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Portland UpClose, Summer 2002


by Jennifer Dirks

Thirty-six-year-old Robert Ball is like a kid in a candy store. The Portland developer and Police Bureau reserve captain is personally supervising three dozen hard-hat workers converting the Marshall-Wells Hardware Company warehouse into his latest pet project, the Marshall-Wells Lofts.

“Ever since he was a little boy,” whispers his mother, tagging along on the tour, “he always wanted to wear a hard hat and direct a building.”

More than 100 of the 164 light-flooded residential spaces have already been snapped up – months before the project’s expected completion in August. “Everyone’s just glomming on to this project, because its a real loft,” Ball says.

The Marshall-Wells property is one of the Pearl District’s last remaining industrial warehouses suitable for residential conversion, and one of only a dozen or so authentic loft buildings in the city. It’s also the most unique: inside, a 4,500-square-foot atrium plunges through the center of the building, open to the elements and lined with trees and benches, with a giant water fountain at its core. Interior windows look out into the atrium. Exterior windows – $1.3 million worth of soundproof glass – look out onto views of Mount Hood, Mount St. Helens, Forest Park, two bridges, and the West Hills.

The project is attracting a diverse group of homebuyers, says Ken Olenslager, associate broker for Marshall-Wells. “We've got a really wide range [of buyers] because there’s a huge price range,” he says, noting that the lofts sell from the mid $100s up to $800,000. Many of the smaller, lower-priced studios are being purchased as starter homes by young professionals who are now renting, he says. The larger lofts, meanwhile, are attracting older couples, many of whom are trading their multi-bedroom houses for the conveniences of inner-city living now that their children are grown. Olenslager says about 15 to 20 percent of buyers are from out of state. Some of these, he adds, are former Oregonians who have had successful careers elsewhere and are now moving back to Portland for a more relaxed lifestyle.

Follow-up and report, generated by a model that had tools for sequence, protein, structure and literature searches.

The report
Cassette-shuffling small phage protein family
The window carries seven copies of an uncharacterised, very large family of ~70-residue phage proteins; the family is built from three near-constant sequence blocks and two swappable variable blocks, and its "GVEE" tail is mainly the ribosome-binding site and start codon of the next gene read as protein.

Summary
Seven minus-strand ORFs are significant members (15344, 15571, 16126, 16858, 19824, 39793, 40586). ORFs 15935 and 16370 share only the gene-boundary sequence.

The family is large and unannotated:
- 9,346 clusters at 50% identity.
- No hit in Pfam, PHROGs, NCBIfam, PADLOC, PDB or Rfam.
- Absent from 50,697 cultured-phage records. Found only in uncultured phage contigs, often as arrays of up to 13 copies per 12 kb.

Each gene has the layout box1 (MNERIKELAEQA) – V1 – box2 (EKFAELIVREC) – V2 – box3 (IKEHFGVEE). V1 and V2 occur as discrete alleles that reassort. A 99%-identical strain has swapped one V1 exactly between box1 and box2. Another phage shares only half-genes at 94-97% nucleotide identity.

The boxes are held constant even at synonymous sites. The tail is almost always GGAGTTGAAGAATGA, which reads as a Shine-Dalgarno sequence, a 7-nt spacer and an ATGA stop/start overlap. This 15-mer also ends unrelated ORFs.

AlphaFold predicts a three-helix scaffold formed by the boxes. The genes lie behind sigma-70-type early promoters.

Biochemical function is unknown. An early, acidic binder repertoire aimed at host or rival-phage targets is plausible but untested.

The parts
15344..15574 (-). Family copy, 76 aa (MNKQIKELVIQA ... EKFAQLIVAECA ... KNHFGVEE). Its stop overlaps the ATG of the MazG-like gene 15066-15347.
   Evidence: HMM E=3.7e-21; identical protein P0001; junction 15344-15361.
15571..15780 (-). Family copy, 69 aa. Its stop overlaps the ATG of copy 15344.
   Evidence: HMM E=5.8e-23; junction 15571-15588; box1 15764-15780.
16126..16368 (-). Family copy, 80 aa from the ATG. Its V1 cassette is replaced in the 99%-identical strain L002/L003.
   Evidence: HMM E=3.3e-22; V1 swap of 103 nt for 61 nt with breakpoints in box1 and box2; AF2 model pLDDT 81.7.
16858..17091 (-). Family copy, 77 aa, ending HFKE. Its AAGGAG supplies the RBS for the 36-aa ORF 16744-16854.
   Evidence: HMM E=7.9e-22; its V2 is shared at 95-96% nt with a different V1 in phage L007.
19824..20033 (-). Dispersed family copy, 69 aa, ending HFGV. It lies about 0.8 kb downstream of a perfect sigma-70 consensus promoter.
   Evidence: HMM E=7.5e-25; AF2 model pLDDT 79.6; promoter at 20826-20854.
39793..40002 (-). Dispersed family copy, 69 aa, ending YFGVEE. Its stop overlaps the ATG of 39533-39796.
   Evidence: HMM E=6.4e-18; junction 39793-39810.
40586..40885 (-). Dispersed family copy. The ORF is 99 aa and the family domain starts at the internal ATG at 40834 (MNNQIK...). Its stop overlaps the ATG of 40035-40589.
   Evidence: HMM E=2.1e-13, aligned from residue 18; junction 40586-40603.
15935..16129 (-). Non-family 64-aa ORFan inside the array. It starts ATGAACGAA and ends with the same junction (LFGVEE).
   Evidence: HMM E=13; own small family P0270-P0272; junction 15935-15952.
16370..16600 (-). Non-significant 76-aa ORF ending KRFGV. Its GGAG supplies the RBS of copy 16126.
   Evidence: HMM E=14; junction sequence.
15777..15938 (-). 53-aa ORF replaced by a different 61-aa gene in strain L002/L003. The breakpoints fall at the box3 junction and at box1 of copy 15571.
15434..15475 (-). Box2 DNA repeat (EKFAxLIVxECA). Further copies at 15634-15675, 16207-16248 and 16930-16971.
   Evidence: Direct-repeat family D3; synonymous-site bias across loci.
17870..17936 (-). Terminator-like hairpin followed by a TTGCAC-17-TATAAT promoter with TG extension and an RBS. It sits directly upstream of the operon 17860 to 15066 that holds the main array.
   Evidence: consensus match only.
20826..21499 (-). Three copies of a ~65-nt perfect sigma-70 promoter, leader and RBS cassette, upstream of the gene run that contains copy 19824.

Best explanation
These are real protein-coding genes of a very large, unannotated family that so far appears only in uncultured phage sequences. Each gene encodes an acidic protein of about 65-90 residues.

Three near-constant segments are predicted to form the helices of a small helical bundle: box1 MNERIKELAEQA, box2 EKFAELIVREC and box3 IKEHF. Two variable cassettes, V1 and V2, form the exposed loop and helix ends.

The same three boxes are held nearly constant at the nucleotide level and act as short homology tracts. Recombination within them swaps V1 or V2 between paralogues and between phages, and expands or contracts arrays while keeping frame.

Originally designed by Daniel Burnham, the Chicago architect widely considered the father of the modern skyscraper, the 92-year-old warehouse at 1420 N.W. Lovejoy Street is the second largest historic restoration in Oregon. “I get my satisfaction,” Ball says, “from taking an historic building – a treasure – and bringing it back.”

A coat of another color
After the restoration, the Marshall-Wells warehouse will keep its signature top-floor water tower. But the weathered, bright yellow “Bits & Pieces” sign on the concrete exterior and the graffiti-lined fire escape – both visible from the I-405 freeway overhead – will be swathed in a new coat of paint. “I want something that stands out, but not so far out that it turns people off,” says Ball. Top colors under consideration are dark green, butterscotch or color-tinged ivory. “Of course the state will have its say,” he says with a grin. “So it’s not going to be lavender or anything.”

Just the facts
WHAT: Marshall-Wells Lofts, a warehouse under restoration at Northwest 14th Avenue between Lovejoy and Kearney streets in Portland’s Pearl District.

UNITS: 164, ranging from 633 square feet to 2,800 square feet.

PRICE: $134,000 to $800,000. The deal includes a property tax break: a flat $350 annual rate for the project’s first 15 years.

NEARBY: Central City Streetcar (a car stops in front of the building every 12 minutes), coffee shops, boutique shopping, art galleries, brewpubs and museums.


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